Side appart… I’m a little disappointed by the history in the ME3 because looks like matrix revolution… the fight in Matrix are always repeated by humans and the machines > in mass effect, it’s a perpetual fight by biotic against symbiotic! In matrix the war is a cycle that was ender by the sacrifice of Neo -> in ME3 Shepard ended if chooses symbiotic etc… What you think of this perspective?
Another thing, when i played ME1, its a pure RPG, with basic elements of third person shooter… In ME2 they focused in third person shooter and they put the RPG apart.. In ME3 they merge the two games… Clever move from Bioware… Given the idea of evolution of game…
For me this game looks a epilogue of they started in Star Wars KOTOR. The system of paragorn/renegade is like the light/dark side in KOTOR… Non linear history… In KOTOR I played the best video game’s histories!!! The KOTOR I have the best twist in history of video game!! The KOTOR II they explore in depth the Star War’s force origin’s… WONDERFULLl!!! Game’s that put in shame the last movies of SW series!!!
I look the Mass Effect like a KOTOR with a refined gameplay…
Ten-4 good buddy! A whole lot of that mess is answered with “because it’s a g-damned video game and it would make no sense otherwise”.
Regardless, I don’t like the fact that Shepard, the most badass of badasses, was rendered unconscious for the final battle. That’s dumb.
Sidenote: can you start ME3 with dead-Shep from ME2 and still get the ‘good’ ending?
@Steve, you’re right. I took Liara and Tali with for the final attack and in some of the endings Tali appeared with EDI (Synthesis) or Javik (the other 2). I don’t know how this works, probably something intrincate like the suicide mission in ME2. But it doesn’t make sense that the squadmates who accompanied you to the final attack are safe and well aboard the Normandy. First, because they should have been incinerated when the Reaper laser hits you. Second, because everybody was in the area (you get the chance to say your farewells before the final push) and the Normandy is taking part in the battle above Earth. Even Joker wouldn’t be able to go back to surface, locate your squadmates and get out of the system before the mass relay explodes.
At first I was convinced by this theory, but now I think it’s just wishful thinking.
@Kyle, I love Bioware games too (even Dragon Age 2 which everyone hated – I found much more enjoyable to play than Origins). I even liked the endings, but I agree they were poorly executed. It’s Deus Ex HR all over again, just hit a button. They could at least have tied the options to what you did during the trilogy. If you were an anti-robot Shep (not reactivating Legion, destroying the Geth, ensuring EDI stayed computer-like) you shouldn’t be able to pick the Synthesis ending, for example. And for Christ’s sake you made 3 goddamn games how much work was creating 3 different cutscenes – that was shamelessly lazy. BUT MY POINT IS Bioware can fail, yes, even them. Lately they’ve been dropping the ball, ever since they were bought by EA. Their works don’t feel so handicraft anymore, they’re more commercial. DA2 dumbed down the franchise to some (I don’t agree), but I bet it was EA’s decision to do that. Or to make From Ashes a separate DLC. Even Old Republic which got me hyped for months was a disappointment when I played it.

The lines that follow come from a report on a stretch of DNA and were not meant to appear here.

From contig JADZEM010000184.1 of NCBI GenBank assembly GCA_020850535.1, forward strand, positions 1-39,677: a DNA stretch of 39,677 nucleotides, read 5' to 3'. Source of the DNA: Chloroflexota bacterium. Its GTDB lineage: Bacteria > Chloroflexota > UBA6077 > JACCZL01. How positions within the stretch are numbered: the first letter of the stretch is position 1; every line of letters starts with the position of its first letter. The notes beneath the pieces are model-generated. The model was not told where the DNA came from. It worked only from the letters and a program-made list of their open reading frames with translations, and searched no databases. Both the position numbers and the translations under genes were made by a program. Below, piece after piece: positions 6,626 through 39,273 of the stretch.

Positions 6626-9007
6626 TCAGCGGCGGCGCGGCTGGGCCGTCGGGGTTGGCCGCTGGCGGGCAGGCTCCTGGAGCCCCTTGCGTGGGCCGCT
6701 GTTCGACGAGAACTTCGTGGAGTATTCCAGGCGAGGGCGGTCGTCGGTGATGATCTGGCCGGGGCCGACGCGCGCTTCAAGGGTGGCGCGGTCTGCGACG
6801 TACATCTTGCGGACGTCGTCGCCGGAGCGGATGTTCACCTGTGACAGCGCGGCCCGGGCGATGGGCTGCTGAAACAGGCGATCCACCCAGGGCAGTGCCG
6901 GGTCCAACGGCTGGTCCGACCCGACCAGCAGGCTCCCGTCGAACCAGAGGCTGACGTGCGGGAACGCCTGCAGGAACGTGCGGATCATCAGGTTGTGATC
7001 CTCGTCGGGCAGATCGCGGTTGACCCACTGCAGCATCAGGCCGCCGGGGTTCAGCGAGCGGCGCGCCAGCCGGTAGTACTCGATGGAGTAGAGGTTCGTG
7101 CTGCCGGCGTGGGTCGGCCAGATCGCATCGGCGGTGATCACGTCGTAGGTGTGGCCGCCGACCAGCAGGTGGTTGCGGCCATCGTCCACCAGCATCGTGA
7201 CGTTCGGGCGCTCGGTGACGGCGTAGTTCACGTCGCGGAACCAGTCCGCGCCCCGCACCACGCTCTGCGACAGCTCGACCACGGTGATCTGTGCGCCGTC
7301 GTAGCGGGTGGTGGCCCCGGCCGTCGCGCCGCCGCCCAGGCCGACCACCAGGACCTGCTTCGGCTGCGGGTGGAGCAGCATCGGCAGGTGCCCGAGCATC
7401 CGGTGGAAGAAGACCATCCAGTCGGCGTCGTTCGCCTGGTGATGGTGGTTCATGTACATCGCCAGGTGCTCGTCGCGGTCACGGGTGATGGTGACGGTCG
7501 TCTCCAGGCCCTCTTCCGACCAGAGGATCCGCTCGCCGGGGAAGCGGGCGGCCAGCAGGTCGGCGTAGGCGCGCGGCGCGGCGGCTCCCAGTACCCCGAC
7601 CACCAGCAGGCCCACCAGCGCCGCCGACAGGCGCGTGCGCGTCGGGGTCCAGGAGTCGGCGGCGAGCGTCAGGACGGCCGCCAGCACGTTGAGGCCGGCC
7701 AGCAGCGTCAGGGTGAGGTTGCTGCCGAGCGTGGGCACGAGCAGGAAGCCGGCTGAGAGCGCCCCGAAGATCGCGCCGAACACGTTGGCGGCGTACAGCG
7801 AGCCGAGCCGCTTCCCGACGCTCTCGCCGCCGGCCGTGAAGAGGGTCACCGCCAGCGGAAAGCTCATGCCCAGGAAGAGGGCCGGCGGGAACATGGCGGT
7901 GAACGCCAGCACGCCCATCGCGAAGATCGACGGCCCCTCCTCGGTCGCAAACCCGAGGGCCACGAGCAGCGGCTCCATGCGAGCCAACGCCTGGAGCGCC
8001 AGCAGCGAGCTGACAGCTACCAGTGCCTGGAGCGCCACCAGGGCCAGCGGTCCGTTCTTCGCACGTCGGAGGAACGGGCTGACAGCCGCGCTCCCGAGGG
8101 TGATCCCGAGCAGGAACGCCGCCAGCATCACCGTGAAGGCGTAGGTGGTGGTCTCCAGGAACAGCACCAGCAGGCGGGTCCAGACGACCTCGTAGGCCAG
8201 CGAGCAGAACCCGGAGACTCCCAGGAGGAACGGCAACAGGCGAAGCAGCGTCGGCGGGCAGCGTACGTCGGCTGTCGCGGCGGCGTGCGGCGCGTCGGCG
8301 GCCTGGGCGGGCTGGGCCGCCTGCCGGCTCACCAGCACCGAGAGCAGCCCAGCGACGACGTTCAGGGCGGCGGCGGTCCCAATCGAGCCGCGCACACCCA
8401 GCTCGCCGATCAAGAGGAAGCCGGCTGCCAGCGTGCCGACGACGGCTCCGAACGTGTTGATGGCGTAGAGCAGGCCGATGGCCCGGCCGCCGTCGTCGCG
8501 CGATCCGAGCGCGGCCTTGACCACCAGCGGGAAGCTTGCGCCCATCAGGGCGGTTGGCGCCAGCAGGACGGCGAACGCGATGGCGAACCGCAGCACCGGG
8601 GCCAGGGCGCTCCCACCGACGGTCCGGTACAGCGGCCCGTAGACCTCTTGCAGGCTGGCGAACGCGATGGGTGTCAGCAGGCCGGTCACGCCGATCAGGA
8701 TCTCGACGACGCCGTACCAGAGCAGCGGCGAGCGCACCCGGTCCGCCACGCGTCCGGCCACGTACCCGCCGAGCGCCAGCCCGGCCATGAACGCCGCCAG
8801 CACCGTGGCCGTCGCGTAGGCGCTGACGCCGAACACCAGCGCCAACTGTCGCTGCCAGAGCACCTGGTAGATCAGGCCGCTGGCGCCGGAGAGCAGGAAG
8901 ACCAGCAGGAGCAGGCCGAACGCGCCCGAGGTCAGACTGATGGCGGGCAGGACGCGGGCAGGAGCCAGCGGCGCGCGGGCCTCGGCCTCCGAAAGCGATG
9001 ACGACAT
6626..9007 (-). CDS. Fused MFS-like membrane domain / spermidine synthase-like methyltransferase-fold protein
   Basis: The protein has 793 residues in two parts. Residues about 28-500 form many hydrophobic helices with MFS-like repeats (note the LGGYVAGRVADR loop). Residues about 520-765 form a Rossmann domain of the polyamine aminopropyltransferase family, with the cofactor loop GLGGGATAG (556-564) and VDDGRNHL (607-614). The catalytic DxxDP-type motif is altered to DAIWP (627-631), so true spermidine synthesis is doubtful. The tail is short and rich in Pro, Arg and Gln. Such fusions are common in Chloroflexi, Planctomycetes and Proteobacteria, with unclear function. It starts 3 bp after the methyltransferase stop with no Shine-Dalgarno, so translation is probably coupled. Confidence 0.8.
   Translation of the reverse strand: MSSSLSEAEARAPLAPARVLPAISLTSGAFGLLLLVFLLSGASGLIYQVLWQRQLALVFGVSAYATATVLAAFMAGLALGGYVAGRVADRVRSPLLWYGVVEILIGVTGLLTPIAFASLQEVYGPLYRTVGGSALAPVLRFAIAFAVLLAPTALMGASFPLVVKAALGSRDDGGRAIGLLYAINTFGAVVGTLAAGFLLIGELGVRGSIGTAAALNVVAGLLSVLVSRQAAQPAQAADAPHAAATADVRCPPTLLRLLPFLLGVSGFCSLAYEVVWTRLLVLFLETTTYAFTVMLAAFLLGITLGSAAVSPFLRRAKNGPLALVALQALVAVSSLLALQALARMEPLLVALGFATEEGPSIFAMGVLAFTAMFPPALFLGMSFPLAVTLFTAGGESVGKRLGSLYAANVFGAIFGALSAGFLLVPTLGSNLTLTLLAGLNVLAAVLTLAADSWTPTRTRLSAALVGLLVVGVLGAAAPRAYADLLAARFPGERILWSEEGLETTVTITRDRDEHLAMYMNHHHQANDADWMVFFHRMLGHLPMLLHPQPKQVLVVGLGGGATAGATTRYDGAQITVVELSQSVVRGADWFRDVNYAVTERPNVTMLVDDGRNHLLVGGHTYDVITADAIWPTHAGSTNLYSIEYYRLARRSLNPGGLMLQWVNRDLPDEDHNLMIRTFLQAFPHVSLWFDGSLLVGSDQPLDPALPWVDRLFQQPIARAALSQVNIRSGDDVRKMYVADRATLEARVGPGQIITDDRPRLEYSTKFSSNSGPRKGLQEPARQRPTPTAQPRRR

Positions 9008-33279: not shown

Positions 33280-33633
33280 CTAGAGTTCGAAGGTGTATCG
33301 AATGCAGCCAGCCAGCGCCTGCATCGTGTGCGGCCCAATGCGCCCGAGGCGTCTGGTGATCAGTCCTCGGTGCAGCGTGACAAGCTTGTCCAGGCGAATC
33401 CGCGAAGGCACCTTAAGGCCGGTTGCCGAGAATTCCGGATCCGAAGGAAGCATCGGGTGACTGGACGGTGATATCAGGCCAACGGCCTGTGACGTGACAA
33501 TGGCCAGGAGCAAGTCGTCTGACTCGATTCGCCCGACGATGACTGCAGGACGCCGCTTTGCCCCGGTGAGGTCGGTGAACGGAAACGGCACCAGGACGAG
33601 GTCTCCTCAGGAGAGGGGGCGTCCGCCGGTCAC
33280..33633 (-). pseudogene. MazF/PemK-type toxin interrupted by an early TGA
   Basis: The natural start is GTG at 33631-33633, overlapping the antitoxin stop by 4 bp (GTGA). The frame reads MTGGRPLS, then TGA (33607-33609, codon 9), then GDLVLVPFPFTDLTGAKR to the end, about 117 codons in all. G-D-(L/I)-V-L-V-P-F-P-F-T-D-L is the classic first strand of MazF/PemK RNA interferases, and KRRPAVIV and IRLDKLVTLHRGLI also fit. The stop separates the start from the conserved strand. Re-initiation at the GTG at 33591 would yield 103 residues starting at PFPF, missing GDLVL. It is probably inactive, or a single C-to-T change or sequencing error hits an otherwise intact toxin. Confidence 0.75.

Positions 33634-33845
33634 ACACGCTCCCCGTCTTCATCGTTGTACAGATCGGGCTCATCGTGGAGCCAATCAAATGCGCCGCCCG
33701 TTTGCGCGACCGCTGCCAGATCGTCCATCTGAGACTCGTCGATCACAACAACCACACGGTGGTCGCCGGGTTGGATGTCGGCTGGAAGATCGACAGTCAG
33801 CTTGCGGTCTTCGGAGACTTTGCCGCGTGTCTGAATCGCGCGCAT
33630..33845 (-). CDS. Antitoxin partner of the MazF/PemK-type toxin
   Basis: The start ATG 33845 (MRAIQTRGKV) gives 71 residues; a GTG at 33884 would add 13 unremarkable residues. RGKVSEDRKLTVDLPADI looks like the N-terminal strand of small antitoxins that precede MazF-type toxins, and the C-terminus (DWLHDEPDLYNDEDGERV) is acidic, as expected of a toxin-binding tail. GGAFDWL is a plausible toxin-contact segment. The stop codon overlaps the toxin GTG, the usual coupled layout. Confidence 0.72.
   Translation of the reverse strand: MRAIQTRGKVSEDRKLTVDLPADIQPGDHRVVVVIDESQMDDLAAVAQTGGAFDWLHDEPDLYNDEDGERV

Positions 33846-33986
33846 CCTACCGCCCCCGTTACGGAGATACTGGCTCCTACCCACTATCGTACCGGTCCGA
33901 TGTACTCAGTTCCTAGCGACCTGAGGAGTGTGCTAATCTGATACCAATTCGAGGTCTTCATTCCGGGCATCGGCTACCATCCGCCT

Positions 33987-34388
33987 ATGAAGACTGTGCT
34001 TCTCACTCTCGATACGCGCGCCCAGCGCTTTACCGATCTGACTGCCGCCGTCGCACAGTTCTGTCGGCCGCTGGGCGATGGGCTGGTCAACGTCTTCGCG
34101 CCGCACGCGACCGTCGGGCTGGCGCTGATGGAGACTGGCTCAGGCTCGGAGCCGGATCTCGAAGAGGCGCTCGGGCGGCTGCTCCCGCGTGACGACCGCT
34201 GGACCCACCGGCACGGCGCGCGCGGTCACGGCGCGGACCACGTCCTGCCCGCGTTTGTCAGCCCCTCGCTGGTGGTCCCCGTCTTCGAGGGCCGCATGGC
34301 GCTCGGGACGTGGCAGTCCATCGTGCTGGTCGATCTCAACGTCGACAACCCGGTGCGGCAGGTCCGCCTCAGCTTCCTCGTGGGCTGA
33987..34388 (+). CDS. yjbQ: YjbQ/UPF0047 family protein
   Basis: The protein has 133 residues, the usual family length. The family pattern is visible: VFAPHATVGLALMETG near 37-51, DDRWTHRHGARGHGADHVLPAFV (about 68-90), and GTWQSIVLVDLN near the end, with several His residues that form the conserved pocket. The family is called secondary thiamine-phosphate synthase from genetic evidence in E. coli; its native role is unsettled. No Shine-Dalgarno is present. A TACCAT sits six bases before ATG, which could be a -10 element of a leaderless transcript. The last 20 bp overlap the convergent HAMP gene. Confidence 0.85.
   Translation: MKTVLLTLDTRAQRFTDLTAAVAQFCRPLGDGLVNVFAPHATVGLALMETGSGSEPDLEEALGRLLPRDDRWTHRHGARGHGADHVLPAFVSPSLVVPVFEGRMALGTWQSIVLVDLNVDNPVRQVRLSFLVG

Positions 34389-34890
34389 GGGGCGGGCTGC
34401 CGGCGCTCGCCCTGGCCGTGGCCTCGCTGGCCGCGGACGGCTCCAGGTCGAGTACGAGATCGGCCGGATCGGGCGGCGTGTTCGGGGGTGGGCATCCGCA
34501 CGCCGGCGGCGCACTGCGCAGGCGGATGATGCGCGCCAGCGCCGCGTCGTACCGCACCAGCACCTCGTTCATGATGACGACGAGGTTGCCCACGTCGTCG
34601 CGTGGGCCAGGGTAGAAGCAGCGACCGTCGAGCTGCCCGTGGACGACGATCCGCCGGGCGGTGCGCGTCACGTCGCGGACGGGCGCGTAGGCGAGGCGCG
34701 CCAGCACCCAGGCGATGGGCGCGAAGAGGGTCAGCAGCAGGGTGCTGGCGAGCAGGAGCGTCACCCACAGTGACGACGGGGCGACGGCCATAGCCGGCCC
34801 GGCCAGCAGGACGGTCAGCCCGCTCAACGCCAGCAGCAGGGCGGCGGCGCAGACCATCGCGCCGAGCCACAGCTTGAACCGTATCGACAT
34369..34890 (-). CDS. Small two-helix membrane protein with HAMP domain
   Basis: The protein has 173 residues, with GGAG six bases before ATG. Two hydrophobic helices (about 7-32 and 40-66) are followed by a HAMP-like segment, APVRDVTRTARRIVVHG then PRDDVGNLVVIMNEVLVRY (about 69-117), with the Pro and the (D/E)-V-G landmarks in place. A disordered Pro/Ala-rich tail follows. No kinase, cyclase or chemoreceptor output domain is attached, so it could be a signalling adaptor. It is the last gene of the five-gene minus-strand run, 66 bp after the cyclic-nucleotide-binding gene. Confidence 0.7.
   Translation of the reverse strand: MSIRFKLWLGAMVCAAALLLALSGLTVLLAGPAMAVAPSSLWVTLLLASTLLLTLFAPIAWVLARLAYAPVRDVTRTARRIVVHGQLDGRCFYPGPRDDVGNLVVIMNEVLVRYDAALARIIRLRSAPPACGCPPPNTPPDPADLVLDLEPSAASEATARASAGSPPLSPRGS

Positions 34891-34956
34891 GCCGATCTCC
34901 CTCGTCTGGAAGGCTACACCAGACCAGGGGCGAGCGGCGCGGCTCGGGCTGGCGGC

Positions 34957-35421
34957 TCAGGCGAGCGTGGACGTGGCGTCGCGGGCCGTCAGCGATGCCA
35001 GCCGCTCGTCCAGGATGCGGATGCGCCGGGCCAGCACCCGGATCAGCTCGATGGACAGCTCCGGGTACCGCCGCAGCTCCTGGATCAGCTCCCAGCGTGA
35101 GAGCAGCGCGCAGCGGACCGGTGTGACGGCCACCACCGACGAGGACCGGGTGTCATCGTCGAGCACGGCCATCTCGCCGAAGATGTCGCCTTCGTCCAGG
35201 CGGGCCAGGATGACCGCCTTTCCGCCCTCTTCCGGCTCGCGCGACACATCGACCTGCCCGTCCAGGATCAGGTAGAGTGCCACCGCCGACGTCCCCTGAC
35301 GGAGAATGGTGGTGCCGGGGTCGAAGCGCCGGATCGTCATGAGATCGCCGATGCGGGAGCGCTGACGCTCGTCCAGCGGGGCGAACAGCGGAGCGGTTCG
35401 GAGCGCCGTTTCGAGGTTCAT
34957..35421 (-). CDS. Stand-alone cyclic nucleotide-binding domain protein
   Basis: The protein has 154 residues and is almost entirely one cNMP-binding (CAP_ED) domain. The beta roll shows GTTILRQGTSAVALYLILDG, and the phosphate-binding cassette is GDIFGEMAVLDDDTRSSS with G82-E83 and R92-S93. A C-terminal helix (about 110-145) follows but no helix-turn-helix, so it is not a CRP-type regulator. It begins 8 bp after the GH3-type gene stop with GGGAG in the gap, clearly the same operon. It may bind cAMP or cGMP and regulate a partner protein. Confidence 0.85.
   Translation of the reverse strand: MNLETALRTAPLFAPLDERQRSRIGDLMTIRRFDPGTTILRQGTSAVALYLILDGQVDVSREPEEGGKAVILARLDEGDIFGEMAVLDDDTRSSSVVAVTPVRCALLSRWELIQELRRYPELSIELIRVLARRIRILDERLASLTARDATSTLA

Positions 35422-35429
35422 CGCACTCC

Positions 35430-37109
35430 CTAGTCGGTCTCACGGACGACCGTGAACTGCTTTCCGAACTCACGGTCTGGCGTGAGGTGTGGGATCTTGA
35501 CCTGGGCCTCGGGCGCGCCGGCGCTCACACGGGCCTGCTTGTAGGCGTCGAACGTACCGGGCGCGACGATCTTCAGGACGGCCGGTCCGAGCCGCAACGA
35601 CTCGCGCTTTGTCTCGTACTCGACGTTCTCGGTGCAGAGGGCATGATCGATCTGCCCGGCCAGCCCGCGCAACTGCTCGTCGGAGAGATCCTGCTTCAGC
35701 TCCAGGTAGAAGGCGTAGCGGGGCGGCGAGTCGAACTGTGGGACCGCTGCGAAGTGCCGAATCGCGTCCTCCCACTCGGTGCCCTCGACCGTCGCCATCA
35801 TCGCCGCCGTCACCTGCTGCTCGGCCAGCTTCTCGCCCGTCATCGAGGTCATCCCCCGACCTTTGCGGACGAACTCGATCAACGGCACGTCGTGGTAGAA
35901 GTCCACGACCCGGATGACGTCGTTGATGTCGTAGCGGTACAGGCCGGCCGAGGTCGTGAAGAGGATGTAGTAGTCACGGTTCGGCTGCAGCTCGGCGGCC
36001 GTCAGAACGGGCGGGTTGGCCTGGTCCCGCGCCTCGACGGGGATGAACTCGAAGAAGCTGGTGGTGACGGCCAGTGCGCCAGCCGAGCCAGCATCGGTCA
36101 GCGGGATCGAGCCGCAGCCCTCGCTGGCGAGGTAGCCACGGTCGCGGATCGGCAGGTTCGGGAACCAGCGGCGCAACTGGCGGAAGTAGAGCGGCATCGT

This is amazing. I was puzzled by the ending, reminded me of the Matrix 3. But i wasn’t angry with Bioware. I simply didn’t understand it.
But now with this Indoctrination explanation it was starting to make sense. And I have done some more research and now I know for sure. The ending is great!
I am currently doing a second run now to check if my assumptions are correct. But if they are you can play a single player campaign and no multiplayer and you can get the following outcome:
Citadel and Mass relays intact
Geth and Edi live
Fate squadmates and friends unknown
ME4 starts with Shepard in a pile of rubble on earth. He survived a final indoctrination attempt by the reapers. But he still has to deal with the remaining reaper force on Earth and the rest of the galaxy.
If all of this is true. I think Bioware made an extraordinary ending. I am enjoying my second run with these new insights and I can’t wait for ME4. It is the biggest cliffhanger in game history. I hope Bioware stays true to this ending and doesn’t change anything. I don’t need a DLC on the ending and I don’t think they made this ending with a dlc in mind.
Am I the only one that thinks the new dlc could be the greatest thing ever? What if this theory is right and for the people that picked the indoctrination decisions Shepard is now the bad guy in the dlc? You got to control joker for a little bit in me2, why not let you control Anderson or hacket having to kill Shepard?
Well, the indoctrination theory is plausible and compelling – however, as much as I would like to believe, this is true, I have doubts and feel that the simple explanation might just be that Bioware (under the indoctrination of EA *harhar*) has simply failed to deliver.